ADR is an acronym for “Automatic/Automated Dialogue
Replacement” or “Additional Dialogue Recording”
. It really depends on whom you ask. It is a process used to replace “bad” dialogue in films and television shows
How does it work?
An actor/actress (herein referred to as “talent”) stands in front of the microphone watching a scene from the film. Lip synching to the picture, the talent recreates the performance they gave when the film was shot. This process is also commonly referred to as “looping”, a term dating back to the time when the film for a scene was taped in a loop so that it would run in the projector over and over again. The talent could then repeat the line until they performed it correctly. This is also why the process is called “Automatic” Dialogue Replacement as the scene would replay automatically.
Nowadays, the scenes are usually digitized in a computer or recorded onto a videocassette. The talent is then given a cue so they know where to begin speaking their lines.
Common cues include:
- Beeps: A sequence of three rhythmic beeps preceding the cue is played for the talent. Where the fourth beep should sound, the talent begins their line.
- Lights: Working much like beeps, a panel of four lights will light up in front of the talent. At regular intervals (usually one second, but this can be set according to the talent’s preference), a light will disappear. When the final light turns off, the talent begins their line.
- Ribbons: Two vertical lines (commonly called ribbons in the studio) appear, one at each end of the screen. As the scene plays, the ribbons move towards the center of the screen. When the two ribbons meet, the talent begins their line.
- Time Code: A running clock on the screen telling the talent the current hour, minute, second, and frame of the film. The talent would be told what time their line begins. As the scene plays, the time code rolls and when the time reaches the desired number, the talent begins their line. This system is only used in the direst circumstances. It is extremely difficult to be precise because the line begins on a specific frame and the time code is running anywhere between 24 and 30 frames per second. It becomes very tiring for the talent to concentrate on numbers and performance at the same time. The easier the cue on the senses, the more likely the talent will know when to begin their line.
Recording studios will use any one or a combination of these cues during and ADR session. Most are flexibly equipped in order to make the talent more comfortable. Lights can distract some talent and beeps sometimes drown out the dialogue leading up to the replaced line, making it more difficult for the talent to get into character.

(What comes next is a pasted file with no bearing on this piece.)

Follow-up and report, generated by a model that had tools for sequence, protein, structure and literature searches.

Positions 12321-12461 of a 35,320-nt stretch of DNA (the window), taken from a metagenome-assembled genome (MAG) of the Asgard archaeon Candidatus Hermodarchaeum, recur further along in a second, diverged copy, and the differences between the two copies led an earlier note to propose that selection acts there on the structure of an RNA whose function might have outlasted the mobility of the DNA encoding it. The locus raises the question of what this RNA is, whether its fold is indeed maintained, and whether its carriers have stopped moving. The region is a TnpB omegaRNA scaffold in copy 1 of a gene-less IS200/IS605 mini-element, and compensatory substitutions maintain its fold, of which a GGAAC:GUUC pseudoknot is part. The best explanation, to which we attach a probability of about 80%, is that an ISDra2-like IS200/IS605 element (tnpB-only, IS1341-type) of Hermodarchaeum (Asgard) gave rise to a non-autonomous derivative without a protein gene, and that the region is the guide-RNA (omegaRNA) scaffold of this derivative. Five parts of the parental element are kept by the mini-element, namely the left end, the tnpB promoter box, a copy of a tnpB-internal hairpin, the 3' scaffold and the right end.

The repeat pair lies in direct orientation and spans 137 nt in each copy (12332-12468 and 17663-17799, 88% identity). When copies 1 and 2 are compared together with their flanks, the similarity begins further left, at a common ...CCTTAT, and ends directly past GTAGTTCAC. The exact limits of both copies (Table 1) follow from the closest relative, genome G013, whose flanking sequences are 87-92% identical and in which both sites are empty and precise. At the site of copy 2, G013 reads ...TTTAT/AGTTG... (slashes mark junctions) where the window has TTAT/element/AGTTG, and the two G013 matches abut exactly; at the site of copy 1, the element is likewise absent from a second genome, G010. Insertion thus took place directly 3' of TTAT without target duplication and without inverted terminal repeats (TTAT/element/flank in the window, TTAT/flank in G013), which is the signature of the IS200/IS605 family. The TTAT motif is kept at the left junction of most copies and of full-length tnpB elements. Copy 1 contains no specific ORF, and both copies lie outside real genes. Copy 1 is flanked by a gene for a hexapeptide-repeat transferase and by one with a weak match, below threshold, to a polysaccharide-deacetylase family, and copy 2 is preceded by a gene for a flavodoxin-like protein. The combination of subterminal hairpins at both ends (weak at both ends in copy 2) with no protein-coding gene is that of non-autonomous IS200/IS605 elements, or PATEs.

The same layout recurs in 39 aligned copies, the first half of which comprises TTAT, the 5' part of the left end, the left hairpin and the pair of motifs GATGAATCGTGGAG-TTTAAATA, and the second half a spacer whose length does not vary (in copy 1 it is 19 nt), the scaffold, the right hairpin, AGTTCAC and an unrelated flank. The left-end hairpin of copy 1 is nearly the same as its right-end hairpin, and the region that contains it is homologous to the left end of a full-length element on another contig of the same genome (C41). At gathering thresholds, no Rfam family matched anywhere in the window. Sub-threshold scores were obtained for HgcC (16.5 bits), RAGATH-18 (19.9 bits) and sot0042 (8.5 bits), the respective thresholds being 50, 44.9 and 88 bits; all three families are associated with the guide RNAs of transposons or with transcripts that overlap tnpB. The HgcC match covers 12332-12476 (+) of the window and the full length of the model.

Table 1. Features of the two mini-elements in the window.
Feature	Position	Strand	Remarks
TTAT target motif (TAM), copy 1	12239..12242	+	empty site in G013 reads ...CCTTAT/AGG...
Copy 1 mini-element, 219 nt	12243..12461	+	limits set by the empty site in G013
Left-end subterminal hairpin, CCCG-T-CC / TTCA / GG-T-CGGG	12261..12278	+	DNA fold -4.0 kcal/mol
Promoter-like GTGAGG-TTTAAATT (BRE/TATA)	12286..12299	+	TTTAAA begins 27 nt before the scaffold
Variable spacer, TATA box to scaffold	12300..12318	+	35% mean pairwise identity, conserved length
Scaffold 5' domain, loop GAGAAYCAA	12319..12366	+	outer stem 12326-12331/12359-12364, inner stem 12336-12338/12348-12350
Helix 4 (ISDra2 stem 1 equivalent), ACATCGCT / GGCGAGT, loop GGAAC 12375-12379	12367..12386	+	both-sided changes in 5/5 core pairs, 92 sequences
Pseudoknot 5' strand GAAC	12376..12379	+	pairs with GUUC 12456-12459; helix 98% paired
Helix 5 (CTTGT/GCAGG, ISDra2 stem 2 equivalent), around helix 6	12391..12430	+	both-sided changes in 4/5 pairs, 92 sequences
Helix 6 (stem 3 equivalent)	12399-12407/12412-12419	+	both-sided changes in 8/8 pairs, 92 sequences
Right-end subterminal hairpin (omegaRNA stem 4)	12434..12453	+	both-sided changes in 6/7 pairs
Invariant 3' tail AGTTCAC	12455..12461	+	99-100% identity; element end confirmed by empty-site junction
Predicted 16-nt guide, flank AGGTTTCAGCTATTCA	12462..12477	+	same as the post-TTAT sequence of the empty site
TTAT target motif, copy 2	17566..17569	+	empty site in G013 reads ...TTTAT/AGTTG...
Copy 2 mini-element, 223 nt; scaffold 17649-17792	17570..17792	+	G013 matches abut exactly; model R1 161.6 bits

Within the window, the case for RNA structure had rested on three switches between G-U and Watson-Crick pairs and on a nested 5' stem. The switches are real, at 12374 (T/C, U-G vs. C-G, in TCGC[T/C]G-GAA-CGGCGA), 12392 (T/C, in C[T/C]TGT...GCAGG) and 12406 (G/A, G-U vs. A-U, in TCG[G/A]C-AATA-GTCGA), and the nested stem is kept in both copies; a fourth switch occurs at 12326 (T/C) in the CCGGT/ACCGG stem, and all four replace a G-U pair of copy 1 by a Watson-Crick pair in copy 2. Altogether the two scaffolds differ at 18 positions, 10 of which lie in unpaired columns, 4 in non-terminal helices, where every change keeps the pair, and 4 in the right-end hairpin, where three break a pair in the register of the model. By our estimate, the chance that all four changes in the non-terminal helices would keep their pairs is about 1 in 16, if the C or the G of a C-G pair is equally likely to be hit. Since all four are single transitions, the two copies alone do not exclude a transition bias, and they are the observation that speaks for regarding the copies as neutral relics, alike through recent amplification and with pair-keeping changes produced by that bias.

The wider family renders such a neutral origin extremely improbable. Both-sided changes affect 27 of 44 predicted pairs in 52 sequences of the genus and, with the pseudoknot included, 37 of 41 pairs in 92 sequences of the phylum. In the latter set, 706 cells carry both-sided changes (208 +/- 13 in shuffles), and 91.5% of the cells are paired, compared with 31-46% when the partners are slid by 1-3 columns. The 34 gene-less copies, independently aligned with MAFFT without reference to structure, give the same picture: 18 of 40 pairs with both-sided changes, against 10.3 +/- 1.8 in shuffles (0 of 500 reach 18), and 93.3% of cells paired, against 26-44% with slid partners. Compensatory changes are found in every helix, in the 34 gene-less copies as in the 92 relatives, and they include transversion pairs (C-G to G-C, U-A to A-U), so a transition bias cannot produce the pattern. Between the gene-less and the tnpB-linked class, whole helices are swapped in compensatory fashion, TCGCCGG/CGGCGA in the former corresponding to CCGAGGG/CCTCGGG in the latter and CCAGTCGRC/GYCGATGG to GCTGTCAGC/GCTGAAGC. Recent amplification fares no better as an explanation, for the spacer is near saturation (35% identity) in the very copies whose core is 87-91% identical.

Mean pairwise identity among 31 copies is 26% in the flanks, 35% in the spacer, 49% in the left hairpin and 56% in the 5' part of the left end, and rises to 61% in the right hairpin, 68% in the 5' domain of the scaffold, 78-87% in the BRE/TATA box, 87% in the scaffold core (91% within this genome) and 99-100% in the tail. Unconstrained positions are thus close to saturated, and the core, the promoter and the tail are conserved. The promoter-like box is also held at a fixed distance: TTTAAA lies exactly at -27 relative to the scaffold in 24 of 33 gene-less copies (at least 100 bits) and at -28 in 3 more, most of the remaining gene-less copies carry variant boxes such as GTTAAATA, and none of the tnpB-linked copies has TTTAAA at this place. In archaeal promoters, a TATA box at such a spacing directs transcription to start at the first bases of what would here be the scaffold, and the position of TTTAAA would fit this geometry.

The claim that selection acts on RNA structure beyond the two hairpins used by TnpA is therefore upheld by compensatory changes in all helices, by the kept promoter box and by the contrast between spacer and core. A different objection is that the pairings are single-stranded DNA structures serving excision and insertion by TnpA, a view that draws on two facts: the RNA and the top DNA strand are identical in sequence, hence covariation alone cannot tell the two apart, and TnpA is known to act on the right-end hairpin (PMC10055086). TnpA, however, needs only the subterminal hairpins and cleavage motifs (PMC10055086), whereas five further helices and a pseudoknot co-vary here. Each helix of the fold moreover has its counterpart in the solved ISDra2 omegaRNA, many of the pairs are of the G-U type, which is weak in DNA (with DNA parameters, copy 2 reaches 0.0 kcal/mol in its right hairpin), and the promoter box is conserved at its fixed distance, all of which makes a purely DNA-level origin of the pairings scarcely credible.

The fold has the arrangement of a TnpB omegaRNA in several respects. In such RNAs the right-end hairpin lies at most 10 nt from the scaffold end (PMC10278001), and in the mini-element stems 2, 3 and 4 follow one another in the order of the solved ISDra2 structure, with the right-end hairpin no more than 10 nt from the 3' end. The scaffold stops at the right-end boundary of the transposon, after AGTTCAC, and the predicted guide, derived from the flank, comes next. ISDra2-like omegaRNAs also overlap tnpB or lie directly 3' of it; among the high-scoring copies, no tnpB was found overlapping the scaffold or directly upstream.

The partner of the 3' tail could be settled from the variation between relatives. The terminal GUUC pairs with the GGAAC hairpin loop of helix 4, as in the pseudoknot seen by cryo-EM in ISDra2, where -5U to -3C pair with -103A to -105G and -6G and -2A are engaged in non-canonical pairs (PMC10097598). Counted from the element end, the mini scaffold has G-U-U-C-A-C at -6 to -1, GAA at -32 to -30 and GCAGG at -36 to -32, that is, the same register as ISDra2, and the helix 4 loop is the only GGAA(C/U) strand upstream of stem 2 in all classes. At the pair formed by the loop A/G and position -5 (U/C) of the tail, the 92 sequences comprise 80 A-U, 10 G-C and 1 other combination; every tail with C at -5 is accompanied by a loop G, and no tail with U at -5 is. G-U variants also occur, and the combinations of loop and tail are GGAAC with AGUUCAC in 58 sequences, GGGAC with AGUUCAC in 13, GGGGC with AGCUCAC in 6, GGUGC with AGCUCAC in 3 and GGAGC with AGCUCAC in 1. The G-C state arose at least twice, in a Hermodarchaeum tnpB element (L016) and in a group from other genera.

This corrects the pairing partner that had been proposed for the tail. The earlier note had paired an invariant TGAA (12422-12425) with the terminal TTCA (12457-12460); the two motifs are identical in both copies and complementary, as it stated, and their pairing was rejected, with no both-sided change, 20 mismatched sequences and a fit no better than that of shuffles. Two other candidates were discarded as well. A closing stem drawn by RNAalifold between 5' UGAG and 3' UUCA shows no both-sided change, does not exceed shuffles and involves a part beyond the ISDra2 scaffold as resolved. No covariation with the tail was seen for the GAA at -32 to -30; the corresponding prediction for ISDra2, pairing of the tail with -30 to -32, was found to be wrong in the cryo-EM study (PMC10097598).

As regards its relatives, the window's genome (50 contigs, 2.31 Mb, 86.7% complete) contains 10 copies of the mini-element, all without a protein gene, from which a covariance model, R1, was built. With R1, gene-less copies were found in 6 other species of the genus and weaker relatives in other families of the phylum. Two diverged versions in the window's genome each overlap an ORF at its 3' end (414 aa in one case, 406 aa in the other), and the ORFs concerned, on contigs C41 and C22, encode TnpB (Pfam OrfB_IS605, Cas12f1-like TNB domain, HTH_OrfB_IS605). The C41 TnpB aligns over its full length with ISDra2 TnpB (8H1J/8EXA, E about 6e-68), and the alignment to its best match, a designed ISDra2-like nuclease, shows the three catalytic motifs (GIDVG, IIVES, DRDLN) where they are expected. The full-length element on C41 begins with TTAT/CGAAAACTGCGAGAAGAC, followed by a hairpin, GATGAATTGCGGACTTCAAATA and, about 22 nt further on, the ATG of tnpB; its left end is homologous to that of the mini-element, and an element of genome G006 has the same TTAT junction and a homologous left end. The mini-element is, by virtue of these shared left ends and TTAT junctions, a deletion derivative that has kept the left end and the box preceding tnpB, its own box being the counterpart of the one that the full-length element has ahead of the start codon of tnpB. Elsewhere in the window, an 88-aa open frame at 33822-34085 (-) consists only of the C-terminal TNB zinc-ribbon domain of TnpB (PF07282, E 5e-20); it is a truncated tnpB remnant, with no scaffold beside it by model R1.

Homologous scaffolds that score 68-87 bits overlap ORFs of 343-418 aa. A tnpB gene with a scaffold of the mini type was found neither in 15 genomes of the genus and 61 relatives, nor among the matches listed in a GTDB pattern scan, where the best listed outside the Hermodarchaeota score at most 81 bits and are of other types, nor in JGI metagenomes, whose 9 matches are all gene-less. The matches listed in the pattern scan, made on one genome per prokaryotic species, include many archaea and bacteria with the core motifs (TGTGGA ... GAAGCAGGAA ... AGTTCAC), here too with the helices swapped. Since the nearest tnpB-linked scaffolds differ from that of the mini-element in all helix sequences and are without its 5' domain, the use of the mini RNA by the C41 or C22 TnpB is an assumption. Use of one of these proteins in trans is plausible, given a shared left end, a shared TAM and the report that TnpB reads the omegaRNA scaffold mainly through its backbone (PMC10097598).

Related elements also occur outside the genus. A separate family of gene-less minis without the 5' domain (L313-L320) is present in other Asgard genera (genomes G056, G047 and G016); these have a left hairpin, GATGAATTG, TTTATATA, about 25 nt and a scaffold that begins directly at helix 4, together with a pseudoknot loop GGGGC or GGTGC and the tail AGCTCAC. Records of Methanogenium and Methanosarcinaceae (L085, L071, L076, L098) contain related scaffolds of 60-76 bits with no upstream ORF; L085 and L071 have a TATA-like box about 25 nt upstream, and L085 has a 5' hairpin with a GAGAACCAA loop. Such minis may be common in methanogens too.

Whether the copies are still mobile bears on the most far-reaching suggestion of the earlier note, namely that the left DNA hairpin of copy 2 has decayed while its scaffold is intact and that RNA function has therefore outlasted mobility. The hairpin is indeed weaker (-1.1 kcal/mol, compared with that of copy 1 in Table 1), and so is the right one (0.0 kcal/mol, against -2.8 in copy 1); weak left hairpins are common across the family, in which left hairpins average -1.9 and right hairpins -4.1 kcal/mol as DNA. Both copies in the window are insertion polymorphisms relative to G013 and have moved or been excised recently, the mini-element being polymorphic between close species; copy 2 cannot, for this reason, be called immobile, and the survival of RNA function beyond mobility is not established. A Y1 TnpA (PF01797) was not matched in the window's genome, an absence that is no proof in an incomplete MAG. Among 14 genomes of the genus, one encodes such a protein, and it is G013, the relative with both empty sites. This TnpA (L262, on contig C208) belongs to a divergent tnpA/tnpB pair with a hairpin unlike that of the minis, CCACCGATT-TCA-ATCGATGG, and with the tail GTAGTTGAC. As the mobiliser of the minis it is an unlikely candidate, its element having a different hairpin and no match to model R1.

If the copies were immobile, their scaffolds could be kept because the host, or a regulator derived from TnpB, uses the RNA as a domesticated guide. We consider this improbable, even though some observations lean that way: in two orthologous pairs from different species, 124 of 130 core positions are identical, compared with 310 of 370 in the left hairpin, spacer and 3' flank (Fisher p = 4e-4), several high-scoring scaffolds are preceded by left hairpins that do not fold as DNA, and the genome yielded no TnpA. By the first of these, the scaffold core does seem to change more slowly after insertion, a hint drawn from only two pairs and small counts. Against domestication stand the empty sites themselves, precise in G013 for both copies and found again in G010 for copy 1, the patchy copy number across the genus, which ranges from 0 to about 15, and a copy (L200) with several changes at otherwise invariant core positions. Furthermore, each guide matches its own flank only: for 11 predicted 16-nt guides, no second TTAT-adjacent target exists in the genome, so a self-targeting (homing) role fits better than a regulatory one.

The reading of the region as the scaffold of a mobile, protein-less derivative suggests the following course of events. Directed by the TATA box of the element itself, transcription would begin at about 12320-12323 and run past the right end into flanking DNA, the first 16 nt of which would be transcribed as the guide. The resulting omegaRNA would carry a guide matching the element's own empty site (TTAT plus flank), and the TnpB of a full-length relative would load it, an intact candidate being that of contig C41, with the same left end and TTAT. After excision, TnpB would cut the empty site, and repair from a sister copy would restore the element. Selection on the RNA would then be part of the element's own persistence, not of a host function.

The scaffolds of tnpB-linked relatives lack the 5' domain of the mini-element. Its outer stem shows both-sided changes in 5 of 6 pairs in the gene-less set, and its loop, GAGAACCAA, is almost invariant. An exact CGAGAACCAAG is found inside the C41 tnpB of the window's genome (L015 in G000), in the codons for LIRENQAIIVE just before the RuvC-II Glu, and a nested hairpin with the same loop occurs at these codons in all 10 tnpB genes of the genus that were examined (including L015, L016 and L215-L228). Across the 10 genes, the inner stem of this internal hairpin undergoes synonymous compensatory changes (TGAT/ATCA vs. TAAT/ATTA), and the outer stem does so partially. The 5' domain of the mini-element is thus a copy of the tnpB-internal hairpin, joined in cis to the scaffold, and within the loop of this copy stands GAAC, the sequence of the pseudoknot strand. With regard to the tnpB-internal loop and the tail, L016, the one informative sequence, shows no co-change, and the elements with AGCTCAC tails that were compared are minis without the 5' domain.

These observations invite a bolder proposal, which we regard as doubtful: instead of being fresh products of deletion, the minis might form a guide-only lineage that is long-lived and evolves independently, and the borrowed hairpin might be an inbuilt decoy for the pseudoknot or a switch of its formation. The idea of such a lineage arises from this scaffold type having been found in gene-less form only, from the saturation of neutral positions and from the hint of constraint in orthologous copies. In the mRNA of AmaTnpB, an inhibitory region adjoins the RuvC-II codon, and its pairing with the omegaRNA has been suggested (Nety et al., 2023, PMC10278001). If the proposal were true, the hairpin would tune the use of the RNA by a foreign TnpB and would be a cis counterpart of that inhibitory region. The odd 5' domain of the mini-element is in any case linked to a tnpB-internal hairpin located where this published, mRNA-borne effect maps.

Why must dialogue be replaced?
When shooting a film, the most important thing is the visuals and the performances. It is what you are paying thousands of dollars a day to capture. And if something goes wrong, you must pay thousands more to reshoot the scene. As a result, sound often gets sacrificed. Microphones are very sensitive and pick up a lot of noise. Even on soundproof stages, you can sometimes here the lights buzz or generators outside rumbling. Most scenes shot outdoors are ADR’d. This is usually because of wind but also can be due to heavy traffic or random animals that want to be movie stars.
Big budget action films are predominately ADR’d. These films make the most of explosions, wind machines, and other obscenely loud machinery. These films are also costing so much that crews are sometimes building sets while shooting is going on.
Sometimes directors don’t like the talent’s performance from the set. They will then replace lines with the hopes of improving the scene. Others will sometimes fill in silent spaces with dialogue. This is common in comedies where timing is everything and silence is deadly.
How much dialogue is replaced?
It really depends on the budget of the film and the quality of the production sound. On big budget films, the talent is contractually obligated to be in the studio for a certain number of days. Smaller films will only replace what is absolutely necessary. Studio time is cheaper than reshooting, but not so cheap that it won’t put a dent in your budget.
For an idea of how much some Hollywood films use ADR look no further than Saving Private Ryan. The opening Normandy sequence was shot on a beach (lots of wind and waves), had a few hundred people running around, actors shooting machine guns, and explosions blowing sand everywhere. I would be surprised to find out that any line recorded on set was used in the final film. Rumor has it that 90% of Titanic’s dialogue was ADR (although this is a really high number). This is most likely due to the rushing water and the really big hydraulic lifts that shook the boat during the last half of the film. The dialogue editor for Star Wars Episode II: Attack of the Clones has said that 55% of that film was re-recorded in the studio. And that was a record low for a Star Wars film!
Needless to say, ADR is generally avoided if at all possible. It takes an extremely talented performer to recreate the atmosphere created on set. Studios are sterile places. The talent stands alone at a microphone. They are not on a decorated set, in costume, and speaking with another character. Not to mention the fact that it has been months since the talent last embodied the character they portray. Weighing all of these factors together often results in weaker performances than what was recorded on set. But… if you can’t hear the performance, it’s no good for the film.
Undesireable as it may be, ADR is a necessary and important aspect of the filmmaking process. And when done well… the audience will never know the difference.
For a good demostration of ADR, get your hands on the promotional video for THX Home Theater Systems.